A study by McKinsey & Co of fast-growth 'tiger' companies, however, found that rapid growth was sustainable. Indeed, it concluded: 'For the tigers, fast growth fuels itself. Multiple reinforcing feedback loops conspire to create a "virtuous circle", unleashing a momentum that competitors are powerless to stop.' But research by both 3i and the Cranfield European Enterprise Centre suggests that the population of companies achieving hypergrowth is unstable between two time periods. In other words, companies are always moving in and out of the hypergrowth performance league, and relatively few are likely to sustain such performance over prolonged periods. This fits the popular image of hypergrowth companies - that their success is in exploiting a particular market niche or product advantage. Once the competition arrives, or the niche is fully exploited, the scope for continued rapid growth becomes that much more difficult. If this coincides with the typical problems of fast-growth businesses - loss of control of the finances, perhaps a falling-out between the original partners, or just a loss of impetus - the chances of sustained hypergrowth begin to look slim.
Taylor offers a middle ground between the two competing views on the sustainability of what is, on any definition, extraordinary business performance. He and Todd established a data-base of 176 high-growth, medium-sized companies, on the basis of their performance over the period 1980-5.
In the following five years, 52% of the sample continued to record rapid growth in profitability and turnover, of at least 20% and in most cases more than 40%, annually. A further 9% of the sample continued to grow, but at more modest rates, while 13% experienced 'stagnation and decline' and 26% were no longer in existence (as a result of poor performance, and not because their good records had led to their acquisition).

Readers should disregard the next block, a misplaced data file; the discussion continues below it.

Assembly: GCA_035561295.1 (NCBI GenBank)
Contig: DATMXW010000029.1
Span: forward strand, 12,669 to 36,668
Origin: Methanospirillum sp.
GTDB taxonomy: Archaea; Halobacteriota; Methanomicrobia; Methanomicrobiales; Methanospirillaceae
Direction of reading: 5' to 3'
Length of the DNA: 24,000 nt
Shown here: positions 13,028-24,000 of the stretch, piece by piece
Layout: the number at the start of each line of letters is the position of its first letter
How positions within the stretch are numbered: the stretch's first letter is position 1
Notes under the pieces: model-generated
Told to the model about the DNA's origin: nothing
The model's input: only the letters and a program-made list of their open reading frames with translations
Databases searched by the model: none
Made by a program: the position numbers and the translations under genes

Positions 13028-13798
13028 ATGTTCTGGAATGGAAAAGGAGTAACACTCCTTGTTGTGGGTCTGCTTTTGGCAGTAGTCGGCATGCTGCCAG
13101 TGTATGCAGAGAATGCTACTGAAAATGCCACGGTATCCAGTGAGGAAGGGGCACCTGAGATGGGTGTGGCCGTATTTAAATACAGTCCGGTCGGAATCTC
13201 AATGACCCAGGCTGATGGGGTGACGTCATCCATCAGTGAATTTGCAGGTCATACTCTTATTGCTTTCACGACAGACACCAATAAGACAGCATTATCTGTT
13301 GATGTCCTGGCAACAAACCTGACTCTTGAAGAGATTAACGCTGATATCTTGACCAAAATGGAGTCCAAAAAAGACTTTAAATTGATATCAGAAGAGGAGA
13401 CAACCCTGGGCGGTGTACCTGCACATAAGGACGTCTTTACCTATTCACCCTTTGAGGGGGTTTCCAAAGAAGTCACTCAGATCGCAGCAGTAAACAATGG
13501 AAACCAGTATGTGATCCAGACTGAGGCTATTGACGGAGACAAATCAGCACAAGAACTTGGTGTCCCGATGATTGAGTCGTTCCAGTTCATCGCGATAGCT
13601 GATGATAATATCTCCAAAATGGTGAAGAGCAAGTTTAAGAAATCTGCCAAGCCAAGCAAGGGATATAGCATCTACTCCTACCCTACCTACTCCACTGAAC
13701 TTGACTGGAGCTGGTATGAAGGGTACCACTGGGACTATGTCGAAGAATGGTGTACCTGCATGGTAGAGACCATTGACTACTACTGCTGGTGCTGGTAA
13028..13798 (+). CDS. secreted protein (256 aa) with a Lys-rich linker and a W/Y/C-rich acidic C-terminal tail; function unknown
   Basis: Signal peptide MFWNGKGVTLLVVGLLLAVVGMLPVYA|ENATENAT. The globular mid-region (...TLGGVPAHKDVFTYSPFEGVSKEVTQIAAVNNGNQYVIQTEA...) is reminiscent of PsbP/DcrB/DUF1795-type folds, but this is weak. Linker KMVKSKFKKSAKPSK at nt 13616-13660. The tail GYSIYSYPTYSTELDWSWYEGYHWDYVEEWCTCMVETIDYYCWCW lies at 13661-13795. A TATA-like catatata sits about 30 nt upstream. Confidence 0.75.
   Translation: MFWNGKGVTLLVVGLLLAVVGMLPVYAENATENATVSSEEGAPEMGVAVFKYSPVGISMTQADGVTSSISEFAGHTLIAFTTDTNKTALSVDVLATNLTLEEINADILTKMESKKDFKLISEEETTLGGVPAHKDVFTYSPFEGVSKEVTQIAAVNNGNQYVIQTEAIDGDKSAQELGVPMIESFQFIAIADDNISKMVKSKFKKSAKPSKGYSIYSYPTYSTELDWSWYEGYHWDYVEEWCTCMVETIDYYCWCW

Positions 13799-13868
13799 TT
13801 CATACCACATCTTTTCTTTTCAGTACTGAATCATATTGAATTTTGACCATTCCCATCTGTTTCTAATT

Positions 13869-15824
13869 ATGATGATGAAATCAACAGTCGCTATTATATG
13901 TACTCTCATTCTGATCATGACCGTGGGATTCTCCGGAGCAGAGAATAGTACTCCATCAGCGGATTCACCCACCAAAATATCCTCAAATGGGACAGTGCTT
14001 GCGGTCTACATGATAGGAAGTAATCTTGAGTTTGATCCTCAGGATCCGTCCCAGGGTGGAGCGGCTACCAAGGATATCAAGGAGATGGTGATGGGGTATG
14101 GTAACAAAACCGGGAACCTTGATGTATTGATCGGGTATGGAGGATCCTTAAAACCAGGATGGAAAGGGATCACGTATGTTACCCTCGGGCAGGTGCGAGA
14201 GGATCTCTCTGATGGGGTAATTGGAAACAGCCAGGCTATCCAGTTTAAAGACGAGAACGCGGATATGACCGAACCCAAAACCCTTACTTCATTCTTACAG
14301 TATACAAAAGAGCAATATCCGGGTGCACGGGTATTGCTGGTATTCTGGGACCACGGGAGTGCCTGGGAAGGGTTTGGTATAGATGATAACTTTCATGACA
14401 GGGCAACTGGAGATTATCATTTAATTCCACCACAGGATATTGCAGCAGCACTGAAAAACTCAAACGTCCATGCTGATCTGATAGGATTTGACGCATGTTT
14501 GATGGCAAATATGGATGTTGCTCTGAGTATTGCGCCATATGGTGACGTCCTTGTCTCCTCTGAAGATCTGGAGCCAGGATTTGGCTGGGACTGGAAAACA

'When we started we were looking very much at the problems of growth and the strategies needed to secure rapid growth in terms of products, markets, finance and so on,' Taylor says. 'But we found that the problem of growth comes down to the people. If you're growing at 40% or so every year, you are effectively creating a new business every three years. The management problems that this creates for the original entrepreneurs is enormous. Either they make their mind up to adapt to a much larger operation, by taking on new management. Or, in many cases, they decide to be taken over.' This is the point, adds Taylor, when hypergrowth is likely to come to an end. 'Large companies find it difficult to innovate, so they pick up smaller innovative companies,' he says. 'This process of concentration is going on all the time.' The problem is that the smaller, innovative company often ceases to be innovative once part of a larger organisation. It is a familiar story. The spur that drove on the original creators of the business is often lost once they have sold out, however powerful the contracts binding them to the business. Acquisition is often more effective as a means of snuffing out a younger, aggressive and more innovative competitor than of giving the larger firm an infusion of innovative sparkle.